This donation from the Maya Angelou Center for Health Equity is especially important not only because of Dr. Angelou’s connection with Haiti but also because of Dr. Bertoni’s connection with the country. “Dr. Alain Bertoni is the son of two physicians who immigrated to the United States from Haiti before he was born.  He spent a week of his personal time in Haiti last year helping out in the tent hospital after the earthquake, working with Project Medishare. His commitment to help was deeply felt and something that mattered very much to him”- Winona K. Gilbert

Dr. Alain Bertoni (L) at the Project Medishare field hospital in Haiti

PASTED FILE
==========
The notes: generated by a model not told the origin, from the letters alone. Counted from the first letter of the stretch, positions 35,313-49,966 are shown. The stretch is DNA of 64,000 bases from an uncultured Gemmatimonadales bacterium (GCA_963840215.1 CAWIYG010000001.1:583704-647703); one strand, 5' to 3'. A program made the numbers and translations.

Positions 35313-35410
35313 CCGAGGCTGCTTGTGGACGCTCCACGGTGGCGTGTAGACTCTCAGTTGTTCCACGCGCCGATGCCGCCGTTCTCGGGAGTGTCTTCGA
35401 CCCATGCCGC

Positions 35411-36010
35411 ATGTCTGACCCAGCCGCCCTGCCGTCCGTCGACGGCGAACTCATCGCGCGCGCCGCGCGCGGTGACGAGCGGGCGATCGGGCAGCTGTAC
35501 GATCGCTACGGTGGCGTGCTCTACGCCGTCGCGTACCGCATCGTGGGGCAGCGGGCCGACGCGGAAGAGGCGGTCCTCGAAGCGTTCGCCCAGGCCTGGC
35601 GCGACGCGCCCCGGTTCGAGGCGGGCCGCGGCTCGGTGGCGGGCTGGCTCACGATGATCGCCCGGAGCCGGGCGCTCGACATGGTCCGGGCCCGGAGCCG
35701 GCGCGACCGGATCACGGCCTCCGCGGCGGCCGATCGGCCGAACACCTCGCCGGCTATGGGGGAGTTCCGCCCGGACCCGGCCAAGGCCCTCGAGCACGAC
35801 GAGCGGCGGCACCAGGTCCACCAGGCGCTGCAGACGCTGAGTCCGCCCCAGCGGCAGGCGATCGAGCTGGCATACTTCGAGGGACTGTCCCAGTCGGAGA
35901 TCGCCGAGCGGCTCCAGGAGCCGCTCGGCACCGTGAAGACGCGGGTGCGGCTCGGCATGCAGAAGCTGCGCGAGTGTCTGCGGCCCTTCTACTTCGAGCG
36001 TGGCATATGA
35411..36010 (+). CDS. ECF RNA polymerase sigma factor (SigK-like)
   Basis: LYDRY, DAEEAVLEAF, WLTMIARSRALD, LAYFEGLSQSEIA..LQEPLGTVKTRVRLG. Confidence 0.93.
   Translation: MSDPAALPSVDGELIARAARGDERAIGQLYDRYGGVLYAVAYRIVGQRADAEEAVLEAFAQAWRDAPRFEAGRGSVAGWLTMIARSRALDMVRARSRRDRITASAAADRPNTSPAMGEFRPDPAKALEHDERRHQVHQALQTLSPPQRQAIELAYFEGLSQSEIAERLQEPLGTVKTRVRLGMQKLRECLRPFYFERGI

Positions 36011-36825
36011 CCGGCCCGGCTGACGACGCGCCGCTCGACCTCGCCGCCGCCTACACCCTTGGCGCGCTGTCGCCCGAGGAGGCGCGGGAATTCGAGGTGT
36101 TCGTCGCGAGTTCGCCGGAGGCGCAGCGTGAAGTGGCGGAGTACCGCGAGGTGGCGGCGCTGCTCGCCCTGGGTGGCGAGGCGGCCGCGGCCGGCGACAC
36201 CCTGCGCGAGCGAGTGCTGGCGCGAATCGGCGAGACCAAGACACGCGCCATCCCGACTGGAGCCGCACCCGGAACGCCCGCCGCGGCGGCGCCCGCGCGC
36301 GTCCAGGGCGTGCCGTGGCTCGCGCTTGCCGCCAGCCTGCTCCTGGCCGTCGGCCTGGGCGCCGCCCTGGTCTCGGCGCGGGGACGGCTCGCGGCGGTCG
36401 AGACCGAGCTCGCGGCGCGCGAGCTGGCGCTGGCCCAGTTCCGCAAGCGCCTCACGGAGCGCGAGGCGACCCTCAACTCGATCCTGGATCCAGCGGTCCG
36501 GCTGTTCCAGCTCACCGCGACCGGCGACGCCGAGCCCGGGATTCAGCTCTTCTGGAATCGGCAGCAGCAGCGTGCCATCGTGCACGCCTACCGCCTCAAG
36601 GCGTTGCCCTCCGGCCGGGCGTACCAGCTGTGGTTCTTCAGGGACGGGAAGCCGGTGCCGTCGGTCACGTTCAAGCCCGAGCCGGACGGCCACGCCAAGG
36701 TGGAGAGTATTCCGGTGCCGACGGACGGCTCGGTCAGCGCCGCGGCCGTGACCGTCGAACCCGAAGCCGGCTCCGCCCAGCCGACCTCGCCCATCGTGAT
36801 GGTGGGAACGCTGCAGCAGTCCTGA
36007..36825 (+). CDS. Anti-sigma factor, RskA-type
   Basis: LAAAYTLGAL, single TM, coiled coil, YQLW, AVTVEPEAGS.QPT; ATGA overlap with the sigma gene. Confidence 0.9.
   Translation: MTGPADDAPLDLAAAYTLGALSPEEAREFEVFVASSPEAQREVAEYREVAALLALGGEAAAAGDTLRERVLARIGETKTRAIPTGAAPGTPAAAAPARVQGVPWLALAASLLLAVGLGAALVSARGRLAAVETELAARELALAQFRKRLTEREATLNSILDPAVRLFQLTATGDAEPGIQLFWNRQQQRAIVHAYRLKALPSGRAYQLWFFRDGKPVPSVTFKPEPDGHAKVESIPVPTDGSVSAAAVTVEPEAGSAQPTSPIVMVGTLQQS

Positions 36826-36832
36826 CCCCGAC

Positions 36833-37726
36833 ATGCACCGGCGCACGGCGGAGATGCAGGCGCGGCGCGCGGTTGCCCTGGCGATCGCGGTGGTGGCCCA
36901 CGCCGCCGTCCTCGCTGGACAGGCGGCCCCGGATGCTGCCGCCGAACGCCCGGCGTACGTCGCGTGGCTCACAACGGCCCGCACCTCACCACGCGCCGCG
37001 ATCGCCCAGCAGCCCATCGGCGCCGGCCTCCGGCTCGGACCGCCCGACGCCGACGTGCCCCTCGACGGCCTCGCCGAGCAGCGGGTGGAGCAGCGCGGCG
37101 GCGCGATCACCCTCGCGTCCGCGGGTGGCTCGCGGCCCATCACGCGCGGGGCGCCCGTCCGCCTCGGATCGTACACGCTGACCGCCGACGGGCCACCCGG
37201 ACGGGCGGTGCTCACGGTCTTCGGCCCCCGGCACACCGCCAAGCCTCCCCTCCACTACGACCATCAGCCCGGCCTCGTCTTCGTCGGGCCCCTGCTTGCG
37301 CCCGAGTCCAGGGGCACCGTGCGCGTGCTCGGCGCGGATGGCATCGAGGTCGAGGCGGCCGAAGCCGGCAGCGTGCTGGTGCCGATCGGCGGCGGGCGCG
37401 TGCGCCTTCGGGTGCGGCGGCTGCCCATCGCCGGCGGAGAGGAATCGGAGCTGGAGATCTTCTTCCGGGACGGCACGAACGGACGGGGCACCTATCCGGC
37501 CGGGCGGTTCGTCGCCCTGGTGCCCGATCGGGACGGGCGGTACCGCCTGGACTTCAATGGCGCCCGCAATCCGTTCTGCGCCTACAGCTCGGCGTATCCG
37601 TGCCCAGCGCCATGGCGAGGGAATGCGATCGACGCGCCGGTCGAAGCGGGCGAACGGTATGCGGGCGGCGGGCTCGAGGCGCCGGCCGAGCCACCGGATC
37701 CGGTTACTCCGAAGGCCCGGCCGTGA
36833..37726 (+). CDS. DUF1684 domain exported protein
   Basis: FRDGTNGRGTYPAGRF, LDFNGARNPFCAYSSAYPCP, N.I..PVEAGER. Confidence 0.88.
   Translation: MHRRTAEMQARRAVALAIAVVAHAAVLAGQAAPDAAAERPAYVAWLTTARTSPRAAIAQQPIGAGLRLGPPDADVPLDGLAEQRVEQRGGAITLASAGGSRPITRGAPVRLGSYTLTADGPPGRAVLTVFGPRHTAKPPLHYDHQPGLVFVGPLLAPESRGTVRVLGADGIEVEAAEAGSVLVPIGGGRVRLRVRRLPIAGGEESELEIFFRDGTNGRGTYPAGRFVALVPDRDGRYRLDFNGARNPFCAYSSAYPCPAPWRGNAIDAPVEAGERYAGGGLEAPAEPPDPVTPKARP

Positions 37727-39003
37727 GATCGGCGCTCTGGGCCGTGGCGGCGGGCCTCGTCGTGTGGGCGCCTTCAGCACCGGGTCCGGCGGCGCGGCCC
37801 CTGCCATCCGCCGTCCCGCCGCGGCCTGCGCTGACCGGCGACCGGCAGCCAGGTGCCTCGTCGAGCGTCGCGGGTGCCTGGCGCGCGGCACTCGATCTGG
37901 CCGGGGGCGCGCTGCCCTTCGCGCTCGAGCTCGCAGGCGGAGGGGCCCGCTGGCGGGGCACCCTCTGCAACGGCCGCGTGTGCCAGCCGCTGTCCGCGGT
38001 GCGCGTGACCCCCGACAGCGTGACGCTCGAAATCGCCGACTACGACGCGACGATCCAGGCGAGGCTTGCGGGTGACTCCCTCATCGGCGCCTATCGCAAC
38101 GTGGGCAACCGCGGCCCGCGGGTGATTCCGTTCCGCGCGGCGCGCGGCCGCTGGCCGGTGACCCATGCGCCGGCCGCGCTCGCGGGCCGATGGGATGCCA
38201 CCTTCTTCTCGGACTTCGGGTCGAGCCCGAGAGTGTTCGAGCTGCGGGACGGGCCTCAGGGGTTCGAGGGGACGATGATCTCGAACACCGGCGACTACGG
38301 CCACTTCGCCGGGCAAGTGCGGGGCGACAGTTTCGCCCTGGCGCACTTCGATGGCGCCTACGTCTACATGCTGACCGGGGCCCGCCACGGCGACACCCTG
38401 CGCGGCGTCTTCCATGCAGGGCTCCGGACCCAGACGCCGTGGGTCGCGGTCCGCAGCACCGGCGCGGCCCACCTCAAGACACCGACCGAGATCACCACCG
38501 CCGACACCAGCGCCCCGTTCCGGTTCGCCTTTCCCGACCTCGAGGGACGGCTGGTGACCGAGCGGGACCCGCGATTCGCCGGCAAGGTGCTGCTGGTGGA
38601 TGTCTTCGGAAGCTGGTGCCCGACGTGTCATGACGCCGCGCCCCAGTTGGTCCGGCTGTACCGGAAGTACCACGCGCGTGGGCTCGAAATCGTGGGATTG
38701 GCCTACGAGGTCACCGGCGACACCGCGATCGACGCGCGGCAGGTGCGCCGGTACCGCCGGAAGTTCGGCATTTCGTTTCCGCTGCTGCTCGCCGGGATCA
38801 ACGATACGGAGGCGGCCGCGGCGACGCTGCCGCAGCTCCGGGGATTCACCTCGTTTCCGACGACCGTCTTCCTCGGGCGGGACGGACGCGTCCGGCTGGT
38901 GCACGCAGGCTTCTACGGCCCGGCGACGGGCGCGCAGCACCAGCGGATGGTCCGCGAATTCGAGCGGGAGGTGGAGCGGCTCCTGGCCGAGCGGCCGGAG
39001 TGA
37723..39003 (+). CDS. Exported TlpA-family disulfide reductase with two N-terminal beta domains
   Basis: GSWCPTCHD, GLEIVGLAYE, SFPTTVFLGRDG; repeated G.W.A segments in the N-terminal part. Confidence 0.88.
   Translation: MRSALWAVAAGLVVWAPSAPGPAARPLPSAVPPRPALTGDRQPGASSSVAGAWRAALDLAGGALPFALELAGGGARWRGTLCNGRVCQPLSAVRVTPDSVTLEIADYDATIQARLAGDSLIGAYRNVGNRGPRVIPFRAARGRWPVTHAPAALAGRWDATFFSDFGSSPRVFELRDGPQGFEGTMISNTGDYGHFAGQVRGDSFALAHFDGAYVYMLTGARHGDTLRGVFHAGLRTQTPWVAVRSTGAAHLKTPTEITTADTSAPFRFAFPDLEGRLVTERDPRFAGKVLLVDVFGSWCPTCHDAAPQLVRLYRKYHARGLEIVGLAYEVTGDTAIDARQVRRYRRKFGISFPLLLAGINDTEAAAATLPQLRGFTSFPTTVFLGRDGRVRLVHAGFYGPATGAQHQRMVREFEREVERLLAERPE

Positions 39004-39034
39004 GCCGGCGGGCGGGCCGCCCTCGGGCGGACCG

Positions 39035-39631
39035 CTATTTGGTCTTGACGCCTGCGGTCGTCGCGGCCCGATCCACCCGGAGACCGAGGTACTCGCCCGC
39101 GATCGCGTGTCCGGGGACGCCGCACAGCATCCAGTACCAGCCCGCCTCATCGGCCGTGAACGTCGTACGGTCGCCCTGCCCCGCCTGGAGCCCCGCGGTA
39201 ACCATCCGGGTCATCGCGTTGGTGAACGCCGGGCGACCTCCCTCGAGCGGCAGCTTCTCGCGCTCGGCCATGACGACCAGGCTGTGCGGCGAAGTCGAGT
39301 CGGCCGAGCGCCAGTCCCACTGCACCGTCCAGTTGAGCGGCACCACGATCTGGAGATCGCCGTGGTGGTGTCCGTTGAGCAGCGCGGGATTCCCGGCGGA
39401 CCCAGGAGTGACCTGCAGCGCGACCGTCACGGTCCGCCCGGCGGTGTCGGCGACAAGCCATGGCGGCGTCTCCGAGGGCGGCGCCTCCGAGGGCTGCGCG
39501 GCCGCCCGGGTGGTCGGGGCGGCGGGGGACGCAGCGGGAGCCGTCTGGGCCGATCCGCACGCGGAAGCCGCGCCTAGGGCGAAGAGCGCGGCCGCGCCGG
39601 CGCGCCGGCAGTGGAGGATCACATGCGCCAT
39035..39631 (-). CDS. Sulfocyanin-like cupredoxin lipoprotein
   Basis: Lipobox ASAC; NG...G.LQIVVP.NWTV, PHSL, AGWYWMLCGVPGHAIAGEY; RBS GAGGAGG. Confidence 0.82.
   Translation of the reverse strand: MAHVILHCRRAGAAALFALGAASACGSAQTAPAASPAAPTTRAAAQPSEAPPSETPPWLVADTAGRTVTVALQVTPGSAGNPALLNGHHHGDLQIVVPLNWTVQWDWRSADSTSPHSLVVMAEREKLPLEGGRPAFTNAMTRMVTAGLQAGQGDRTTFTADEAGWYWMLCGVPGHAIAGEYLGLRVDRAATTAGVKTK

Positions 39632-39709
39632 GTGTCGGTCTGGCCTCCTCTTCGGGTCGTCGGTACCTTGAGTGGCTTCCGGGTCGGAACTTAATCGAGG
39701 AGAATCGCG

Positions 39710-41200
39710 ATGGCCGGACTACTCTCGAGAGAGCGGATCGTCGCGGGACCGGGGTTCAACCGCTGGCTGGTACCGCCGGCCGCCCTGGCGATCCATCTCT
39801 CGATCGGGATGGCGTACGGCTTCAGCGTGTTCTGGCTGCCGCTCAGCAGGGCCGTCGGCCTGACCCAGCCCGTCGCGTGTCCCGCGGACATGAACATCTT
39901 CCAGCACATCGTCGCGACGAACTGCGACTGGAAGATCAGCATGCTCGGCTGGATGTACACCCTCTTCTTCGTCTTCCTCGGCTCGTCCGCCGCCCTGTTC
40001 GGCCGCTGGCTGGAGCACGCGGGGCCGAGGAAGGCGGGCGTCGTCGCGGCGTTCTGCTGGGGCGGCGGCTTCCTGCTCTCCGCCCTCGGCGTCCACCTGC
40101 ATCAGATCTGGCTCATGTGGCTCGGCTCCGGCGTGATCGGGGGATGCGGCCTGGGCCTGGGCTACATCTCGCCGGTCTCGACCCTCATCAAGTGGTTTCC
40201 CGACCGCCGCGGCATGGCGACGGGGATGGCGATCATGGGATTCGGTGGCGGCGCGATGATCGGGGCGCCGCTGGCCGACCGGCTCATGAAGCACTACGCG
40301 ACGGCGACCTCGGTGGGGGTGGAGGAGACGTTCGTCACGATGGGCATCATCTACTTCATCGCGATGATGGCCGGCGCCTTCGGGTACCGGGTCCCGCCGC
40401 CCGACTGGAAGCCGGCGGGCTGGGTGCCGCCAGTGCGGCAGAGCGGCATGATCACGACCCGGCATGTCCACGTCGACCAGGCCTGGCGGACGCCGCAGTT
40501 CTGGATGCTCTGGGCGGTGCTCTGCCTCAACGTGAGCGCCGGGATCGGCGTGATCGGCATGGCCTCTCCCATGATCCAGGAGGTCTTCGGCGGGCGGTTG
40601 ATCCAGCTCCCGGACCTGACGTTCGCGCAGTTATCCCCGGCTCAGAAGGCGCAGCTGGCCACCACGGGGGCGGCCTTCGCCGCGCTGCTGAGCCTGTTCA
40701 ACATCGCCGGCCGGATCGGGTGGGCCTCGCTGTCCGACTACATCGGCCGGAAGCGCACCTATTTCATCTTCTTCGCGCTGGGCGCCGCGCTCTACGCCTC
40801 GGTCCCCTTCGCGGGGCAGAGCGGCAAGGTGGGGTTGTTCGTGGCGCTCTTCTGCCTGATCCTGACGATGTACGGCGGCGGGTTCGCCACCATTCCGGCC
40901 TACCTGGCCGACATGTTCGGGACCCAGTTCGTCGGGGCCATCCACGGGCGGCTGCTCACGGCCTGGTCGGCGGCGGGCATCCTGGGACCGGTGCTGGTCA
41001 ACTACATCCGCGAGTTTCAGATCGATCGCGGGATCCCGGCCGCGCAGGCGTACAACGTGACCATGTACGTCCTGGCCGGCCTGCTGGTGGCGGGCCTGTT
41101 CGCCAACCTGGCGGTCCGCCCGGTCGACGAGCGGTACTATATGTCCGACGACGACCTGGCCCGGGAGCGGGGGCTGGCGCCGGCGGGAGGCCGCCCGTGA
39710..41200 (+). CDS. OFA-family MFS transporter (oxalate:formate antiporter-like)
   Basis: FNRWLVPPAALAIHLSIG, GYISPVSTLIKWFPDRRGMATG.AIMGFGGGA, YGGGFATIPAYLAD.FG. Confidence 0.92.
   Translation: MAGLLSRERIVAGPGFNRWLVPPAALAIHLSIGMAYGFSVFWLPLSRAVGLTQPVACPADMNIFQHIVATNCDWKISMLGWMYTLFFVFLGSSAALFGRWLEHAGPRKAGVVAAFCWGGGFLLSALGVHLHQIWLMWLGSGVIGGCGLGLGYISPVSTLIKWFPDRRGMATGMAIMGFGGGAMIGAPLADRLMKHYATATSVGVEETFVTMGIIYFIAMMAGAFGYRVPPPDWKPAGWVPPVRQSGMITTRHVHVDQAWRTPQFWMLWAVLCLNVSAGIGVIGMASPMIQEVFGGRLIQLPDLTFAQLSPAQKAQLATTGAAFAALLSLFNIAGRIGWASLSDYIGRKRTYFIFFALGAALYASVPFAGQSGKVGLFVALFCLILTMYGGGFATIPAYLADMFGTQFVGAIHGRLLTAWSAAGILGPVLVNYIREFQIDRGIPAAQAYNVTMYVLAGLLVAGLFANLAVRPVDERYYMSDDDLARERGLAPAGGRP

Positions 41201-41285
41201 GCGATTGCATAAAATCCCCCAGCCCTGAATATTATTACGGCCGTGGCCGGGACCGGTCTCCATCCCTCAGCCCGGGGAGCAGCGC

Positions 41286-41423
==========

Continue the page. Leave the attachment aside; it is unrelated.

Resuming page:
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Project Medishare for Haiti would like to thank the pediatric team from Nemours for joining us at Hospital Bernard Mevs. Nemours is a Children’s Health System. Their Mission is “to provide leadership, institutions and services to restore and improve the health of children through care and programs not readily available, with one high standard of quality and distinction regardless of the recipient’s financial status.” The team that came to Hospital Bernard Mevs traveled from the Nemours hospital in Delaware. They brought down a team of six nurses, two doctors and a Respiratory Therapist. Some members of the team were actually at the Project Medishare field hospital last year. They plan on sending two more teams down to Bernard Mevs this year. The team was made up of Beth Moore, RN, Joey Muller, RN, Gail Gallagher, RN, Debra Miller, RN, Sandy Glenn-Vernon, RN, Becky Schorn, RN, Amy Renwick, MD, Edward Cullen, MD, Suzanne Moon, RT.